“What filters do you use?” – It’s the question that most landscape photographers ask just after they’ve probed into what camera you’re using.
And in the same way as the ongoing “Nikon vs Canon war” (which is amusing to watch in itself!) the so-called brand allegiance is fun to explore when you start asking exactly why a photographer has chosen a particular system .
For landscapes, filters can quickly become an essential part of your kit list – and they can be as big an investment for a full set as a very good lens in itself. Rightly so, I must add, as what’s the point in paying £5,000 for a lens to put a piece of cheap plastic in front of it for when you want to slow down an exposure?!
Let’s take the shot above – from Sydney, Australia – without a “Graduated Neutral Density Filter” either the sky would have been too bright or the city too dark for the camera to resolve in one frame. So, these things become part of what you do, and mine travel everywhere with me.
Having used Cokin, Hoya and LEE filters for many years (and being familiar with each of their little “quirks”), I have to admit I was a little hesitant when the Chinese manufacturer – “NiSi” approached me to see if I’d be willing to try theirs out. That said, they came with good reviews and the tech specs looked promising, so I accepted – but presented them with one big problem: My Phase One 28mm lens.
You see, many of you who have looked at my “behind the scenes” images will have noticed I have a range of extra things covering the camera to prevent “light leaks” – and this is common for almost every Phase One shooter out there. The cause? It’s the fact that the lens has a built-in “hood”, and the glass sticks out beyond, preventing the use of any sort of screw-thread (traditional) filter kit. Some manufacturers (like LEE) have introduced a special ultra-wide filter system such as the one I already own for these types of lenses (the modified SW-150) but in all honesty, they are still shockingly bad at preventing light from leaking through. I’ll explain in more detail later, but here’s what NiSi did to take up my challenge:
They actually built me a one-of-a-kind prototype to test their system with. Custom-made for my lens, perfectly manufactured, it would have been rude to say no…!
I decided it would be worth doing a proper comparison on the three systems I own: Cokin’s “X-Pro” series of 130mm resin filters. LEE’s 150mm filter system (in both glass and resin) and NiSi’s 150mm all-glass, coated filter system. Both Cokin and LEE options, I’ve used for quite some time – the NiSi offer was completely new to me and a trip to New Zealand presented the perfect opportunity to give it a real test.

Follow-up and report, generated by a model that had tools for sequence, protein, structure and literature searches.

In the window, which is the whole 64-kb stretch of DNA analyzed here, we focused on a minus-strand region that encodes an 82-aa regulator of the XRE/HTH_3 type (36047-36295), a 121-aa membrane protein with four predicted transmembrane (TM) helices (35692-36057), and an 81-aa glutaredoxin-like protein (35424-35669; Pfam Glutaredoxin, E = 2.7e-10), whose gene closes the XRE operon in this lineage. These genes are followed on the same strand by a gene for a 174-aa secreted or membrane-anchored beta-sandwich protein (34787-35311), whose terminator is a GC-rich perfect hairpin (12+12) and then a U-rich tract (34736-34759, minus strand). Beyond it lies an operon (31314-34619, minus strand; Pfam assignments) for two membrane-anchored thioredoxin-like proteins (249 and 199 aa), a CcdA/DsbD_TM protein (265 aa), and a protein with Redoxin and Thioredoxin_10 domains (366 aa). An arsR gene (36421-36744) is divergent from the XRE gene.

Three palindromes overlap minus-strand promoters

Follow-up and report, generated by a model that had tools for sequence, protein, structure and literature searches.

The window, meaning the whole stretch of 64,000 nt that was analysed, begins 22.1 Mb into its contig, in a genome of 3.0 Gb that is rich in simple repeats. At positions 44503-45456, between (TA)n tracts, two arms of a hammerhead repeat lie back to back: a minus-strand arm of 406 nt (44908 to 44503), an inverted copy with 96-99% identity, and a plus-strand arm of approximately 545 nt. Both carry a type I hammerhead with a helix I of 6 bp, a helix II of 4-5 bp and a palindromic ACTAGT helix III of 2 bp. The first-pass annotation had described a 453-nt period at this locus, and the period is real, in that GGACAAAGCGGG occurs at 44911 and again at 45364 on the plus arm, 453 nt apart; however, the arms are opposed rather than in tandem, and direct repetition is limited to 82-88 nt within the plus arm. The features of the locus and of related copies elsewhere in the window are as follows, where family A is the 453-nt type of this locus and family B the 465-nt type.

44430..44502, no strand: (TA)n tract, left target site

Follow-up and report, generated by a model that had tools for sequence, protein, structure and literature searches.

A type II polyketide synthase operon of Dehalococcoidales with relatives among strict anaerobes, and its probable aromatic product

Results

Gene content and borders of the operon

So let’s consider what we’re looking for in an ideal filter system. Really, it’s 4 things:
- Simple and easy to use
- No “light leaks”
- No “colour cast”
- Durable and hard-wearing
Based on my unscientific view (of course!) the numbers tell me the answer: NiSi 34/40 | LEE 21/40 | Cokin 10/40(!)
But let’s not forget that numbers themselves only tell half the story. In reality, I’ve used my Cokin filters for a long, long, time and have always loved the images they help me create. Yes, all filters have their problems – and if we’re looking for the “perfect solution” then technically they’re a bad choice. But I’m not shooting in the perfect environment, with the perfect setup, with perfect lighting (and my photography is equally not perfect!) so does it really matter that much if there are some technical inadequacies in the glass/resin you’re using?
In the world of filters, there are tens of “top-brands” (and hundreds of others) – I haven’t even mentioned my options from Hoya, Tiffen, Formatt HiTech, plus many more. All of these will have things they do well, and things they do badly. When it comes to my Phase One 28mm setup, I have to always keep a soft spot for Cokin, as (unlike LEE or NiSi) they were the only manufacturer that even offered a solution to my ultra-wide lens when I first started using it – without them, I wouldn’t have been able to capture the scenes I already have!
Likewise, LEE Filters were the first company to make a specific adapter for the ultra-wide series of lenses through their SW-150 kit, opening the door for many photographers to get creative again. While that system now appears clunky and messy, at one point it was a great option in comparison to anything else out there. Likewise, LEE have had a long ride on the back of their “Big Stopper” 10-stop ND solution – which has served them well and created an entire genre of long-exposure photography that’s become iconic in some ways.
The challenge is, that times change, and “new kids” come to play in the same arena. This is how I view the NiSi solution – it’s taken some of the best technology as well as the feedback about other solutions (through working with and listening to photographers like me) to create a system that’s truly great. It’s also surprisingly strong on the camera – I had no issues leaving it in the wind (with no motion blur from catching gusts) for minute-long exposures up high. If their intention was getting an accurate representation of what the camera sees, with “no-fuss” involved, they really have hit the jackpot with their new system.
I love my Cokin filters for their quirks. My LEE system was great to learn about long exposure times, and helped a bit with the light leak issues the Cokin holder kept giving me. But from now on, if I have to travel light, it’ll be the NiSi system I pack when I want results from a shoot.
As always, there is a “final word”, of course. With all that said above – let’s just remember one thing. It really doesn’t matter what kit you have in the grand scheme of things, it’s what you do with it that counts .